You are 50% wrong

In my sophomore year in college I had to take Introduction to Philosophy. I was greatly intimidated by the teacher as well as the subject matter.  I hadn’t ever taken philosophy and the extent of what I knew of Plato and Socrates was their names.

On the first day of class the Professor said something that I have not forgotten. He told us that about 50% of what we believe to be true is likely false. We were young, inexperienced students and at this stage in our life we were ignorant to greater truth by about 50%. He told us, since he was older as well as having had more education; he was likely more at the 75% truth percentile. Although I initially thought his comment was nonsensical, I have found and am continuing to find that he has been remarkably accurate.

Perhaps you hear this in the posture that I initially received it, with fervent opposition. We are all convinced that what we believed is 100% true, were we not, we would change out beliefs. However, if you take a deep inventory of your convictions, your presuppositions, and even the things you consider hard fact, how many of them could potentially be subject to upheaval? But what about cold hard fact? What about scientific truth?

It only takes thinking back a few centauries to remember that common perception once held that the earth was flat and you could sail to India from Spain heading directly westward. John Nelson Darby in the late 1800s as well as many other evangelists in history was convinced that the world will end on a specific date at a specific time. The Mayans may or may not be disproved this year. In the 16th century, European explorers were convinced California was an island. Galileo and Copernicus fought against the belief that the earth was the center of the universe. No one believed human beings could fly in airplanes. All but a few were convinced personal computers we thing of fancy and so on and so fourth.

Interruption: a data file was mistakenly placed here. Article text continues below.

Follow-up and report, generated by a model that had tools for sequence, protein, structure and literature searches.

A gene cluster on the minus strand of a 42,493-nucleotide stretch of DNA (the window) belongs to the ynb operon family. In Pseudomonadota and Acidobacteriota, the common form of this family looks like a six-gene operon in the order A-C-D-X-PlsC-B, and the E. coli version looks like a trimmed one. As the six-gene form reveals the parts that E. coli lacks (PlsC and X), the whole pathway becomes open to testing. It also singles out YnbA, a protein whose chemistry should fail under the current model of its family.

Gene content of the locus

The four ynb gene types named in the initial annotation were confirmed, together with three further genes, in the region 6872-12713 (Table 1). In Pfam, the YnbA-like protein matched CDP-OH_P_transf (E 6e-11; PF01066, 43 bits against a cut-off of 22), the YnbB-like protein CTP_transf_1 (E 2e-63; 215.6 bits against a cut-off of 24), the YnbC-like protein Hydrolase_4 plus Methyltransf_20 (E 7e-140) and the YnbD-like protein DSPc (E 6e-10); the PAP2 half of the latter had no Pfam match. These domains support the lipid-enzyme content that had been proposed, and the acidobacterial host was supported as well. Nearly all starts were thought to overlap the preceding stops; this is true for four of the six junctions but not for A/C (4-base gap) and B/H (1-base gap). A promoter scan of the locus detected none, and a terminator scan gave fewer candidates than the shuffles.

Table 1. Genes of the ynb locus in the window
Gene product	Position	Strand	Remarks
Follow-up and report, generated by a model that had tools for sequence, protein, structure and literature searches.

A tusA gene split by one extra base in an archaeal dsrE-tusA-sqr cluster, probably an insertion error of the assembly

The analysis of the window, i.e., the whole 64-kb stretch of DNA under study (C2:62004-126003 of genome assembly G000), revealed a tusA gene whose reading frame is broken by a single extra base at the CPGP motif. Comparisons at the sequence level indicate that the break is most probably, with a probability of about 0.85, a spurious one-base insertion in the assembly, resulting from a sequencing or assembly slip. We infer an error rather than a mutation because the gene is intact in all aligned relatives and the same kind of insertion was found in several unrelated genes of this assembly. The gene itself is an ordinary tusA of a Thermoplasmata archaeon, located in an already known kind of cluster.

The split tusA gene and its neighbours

The truth is, the likelihood that we are wrong about a great deal of what we are convinced, is not only possible, it is near certain. What happens is as we grow we continually construct a series of “truths”, some likely, some unlikely, all held at different degrees with passion, yet all held nonetheless. We create a narrative that embodies our reality consisting of these truths. The way you live your life, parent your kids, attend your school, obey your parents, construct your diet, handle money, purchase a house, schedule your day… everything you do stems from a complex intricate web we weave of our best sense of how the world actually works.

This belief in “how the world actually works” leads us to establish a pattern of behavior perhaps best summed up by saying that it is our “response to how the world actually works.” We construct everything we do within this framework. It is as if we establish a narrative – setting, plot, motives, moods – and then live within what our best guess is of the way things actually are. The problem comes when we are in need of correction. When our course has gone astray. When we have missed the mark. When you misread the narrative. If we have constructed this narrative, we likely believe it is right, and if we believe it is right, how can we be expected to change it? And yet, for most of us, a great deal of what we believe is likely wrong.